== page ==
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Agapostemon sweat bee

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As global food demand increases, farmers are increasingly relying on single, managed bee species (often honey bees) to pollinate their crops. However, honey bees are not the best pollinators for all crops, and honey bee colonies have recently been experiencing health problems, notably colony collapse disorder. Recent research has shown that promoting a diversity of wild insect pollinators – such as the sweat bee in this photograph – can augment crop yield. This can be done through such practices as decreasing pesticide use, planting multiple crops, and planting wildflowers around crop fields. This image originally appeared on the cover of Frontiers in Ecology and the Environment in October of 2014.
Format
Primary or BEN resource type
Discipline Specific Core Concepts
Life science discipline (subject)
Keywords pollinator, bees, farming, agriculture, insects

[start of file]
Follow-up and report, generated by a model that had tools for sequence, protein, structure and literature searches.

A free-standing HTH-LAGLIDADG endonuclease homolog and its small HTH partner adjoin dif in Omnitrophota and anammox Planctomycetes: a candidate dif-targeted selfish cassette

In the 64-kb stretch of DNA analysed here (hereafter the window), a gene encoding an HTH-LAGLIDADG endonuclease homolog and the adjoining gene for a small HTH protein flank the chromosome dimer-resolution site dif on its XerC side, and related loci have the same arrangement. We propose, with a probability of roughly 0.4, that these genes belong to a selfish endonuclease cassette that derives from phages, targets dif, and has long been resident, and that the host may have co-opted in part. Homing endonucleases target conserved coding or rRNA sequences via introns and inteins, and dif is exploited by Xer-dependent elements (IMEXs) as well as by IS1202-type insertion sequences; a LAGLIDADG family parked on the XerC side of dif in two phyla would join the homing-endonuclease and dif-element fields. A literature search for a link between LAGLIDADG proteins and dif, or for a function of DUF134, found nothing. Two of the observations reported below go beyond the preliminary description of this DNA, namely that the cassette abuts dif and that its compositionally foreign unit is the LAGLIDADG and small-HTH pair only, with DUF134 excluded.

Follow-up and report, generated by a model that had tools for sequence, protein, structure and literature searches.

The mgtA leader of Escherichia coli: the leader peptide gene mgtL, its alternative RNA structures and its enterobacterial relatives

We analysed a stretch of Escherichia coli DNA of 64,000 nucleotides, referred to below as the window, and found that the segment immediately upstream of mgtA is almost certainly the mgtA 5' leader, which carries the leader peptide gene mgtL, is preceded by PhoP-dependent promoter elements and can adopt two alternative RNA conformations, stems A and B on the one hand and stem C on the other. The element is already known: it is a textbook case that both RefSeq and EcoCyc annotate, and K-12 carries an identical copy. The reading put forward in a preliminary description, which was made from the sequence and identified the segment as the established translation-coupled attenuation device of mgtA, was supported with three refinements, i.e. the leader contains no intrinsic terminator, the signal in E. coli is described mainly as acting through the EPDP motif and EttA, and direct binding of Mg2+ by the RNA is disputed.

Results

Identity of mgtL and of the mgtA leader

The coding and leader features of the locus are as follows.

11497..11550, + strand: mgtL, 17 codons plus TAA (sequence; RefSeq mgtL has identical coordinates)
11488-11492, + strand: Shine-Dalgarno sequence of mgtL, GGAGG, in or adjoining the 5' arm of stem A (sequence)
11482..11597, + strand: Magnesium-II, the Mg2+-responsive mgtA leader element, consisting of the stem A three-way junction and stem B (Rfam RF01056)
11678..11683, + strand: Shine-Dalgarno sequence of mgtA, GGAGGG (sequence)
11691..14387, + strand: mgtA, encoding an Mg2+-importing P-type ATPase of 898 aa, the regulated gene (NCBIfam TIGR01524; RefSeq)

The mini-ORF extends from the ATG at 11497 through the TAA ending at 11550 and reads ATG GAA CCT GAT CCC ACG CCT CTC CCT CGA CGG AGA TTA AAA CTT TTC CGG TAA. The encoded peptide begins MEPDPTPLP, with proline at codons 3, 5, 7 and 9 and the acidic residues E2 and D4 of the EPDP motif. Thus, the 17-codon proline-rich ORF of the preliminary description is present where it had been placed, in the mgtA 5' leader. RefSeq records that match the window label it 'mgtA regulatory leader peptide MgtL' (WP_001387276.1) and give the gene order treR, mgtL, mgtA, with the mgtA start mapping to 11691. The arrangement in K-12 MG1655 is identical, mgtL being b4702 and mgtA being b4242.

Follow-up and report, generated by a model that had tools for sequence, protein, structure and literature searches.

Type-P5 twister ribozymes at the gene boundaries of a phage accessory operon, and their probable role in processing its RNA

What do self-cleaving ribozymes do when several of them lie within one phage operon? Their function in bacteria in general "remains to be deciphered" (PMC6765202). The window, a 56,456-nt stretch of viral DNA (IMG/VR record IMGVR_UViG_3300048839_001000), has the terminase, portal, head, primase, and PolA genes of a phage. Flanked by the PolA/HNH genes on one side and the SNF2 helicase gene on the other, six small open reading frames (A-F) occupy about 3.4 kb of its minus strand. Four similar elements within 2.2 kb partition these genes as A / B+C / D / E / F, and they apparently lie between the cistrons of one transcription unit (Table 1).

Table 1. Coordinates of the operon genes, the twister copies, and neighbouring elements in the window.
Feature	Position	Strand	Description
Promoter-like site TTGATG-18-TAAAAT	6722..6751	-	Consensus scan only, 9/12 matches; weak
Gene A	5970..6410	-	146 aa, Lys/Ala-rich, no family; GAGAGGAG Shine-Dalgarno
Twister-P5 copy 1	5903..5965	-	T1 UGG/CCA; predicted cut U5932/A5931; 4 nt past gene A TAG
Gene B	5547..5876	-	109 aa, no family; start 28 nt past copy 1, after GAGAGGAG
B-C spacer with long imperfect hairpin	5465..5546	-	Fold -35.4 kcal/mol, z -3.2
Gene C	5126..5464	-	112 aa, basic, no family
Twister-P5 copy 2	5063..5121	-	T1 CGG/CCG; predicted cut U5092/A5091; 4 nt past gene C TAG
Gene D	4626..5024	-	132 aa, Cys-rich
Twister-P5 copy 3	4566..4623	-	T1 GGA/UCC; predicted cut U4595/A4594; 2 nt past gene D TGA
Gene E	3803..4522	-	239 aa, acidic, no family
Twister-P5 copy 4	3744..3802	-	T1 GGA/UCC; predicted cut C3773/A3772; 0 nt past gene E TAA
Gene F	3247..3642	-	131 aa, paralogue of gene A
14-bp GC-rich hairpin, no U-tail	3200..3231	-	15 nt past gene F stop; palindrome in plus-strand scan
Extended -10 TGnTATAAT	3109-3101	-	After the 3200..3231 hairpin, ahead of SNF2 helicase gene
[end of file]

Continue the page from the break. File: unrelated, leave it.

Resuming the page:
Key taxa Green sweat bee, Agapostemon
Audience
Intended End User Role
Language
Educational Language
Pedagogical Use Description This photo could be used to talk about the importance of pollination in our food systems, and how human-induced global change is altering the relationship between humans and pollinators.
Primary Author Controlled Name
Primary Author Affiliation Texas Tech University
Primary Author email None provided
Submitter Name Patrick Monahan
Submitter Email patrick@esa.org
Rights "Green Sweat Bee" by Griselda Melendez: https://www.flickr.com/photos/grizzymphotography/9552988564/
Reproduced under Creative Commons licence CC-BY-NC-ND
Date Of Record Submission 2014-10-01

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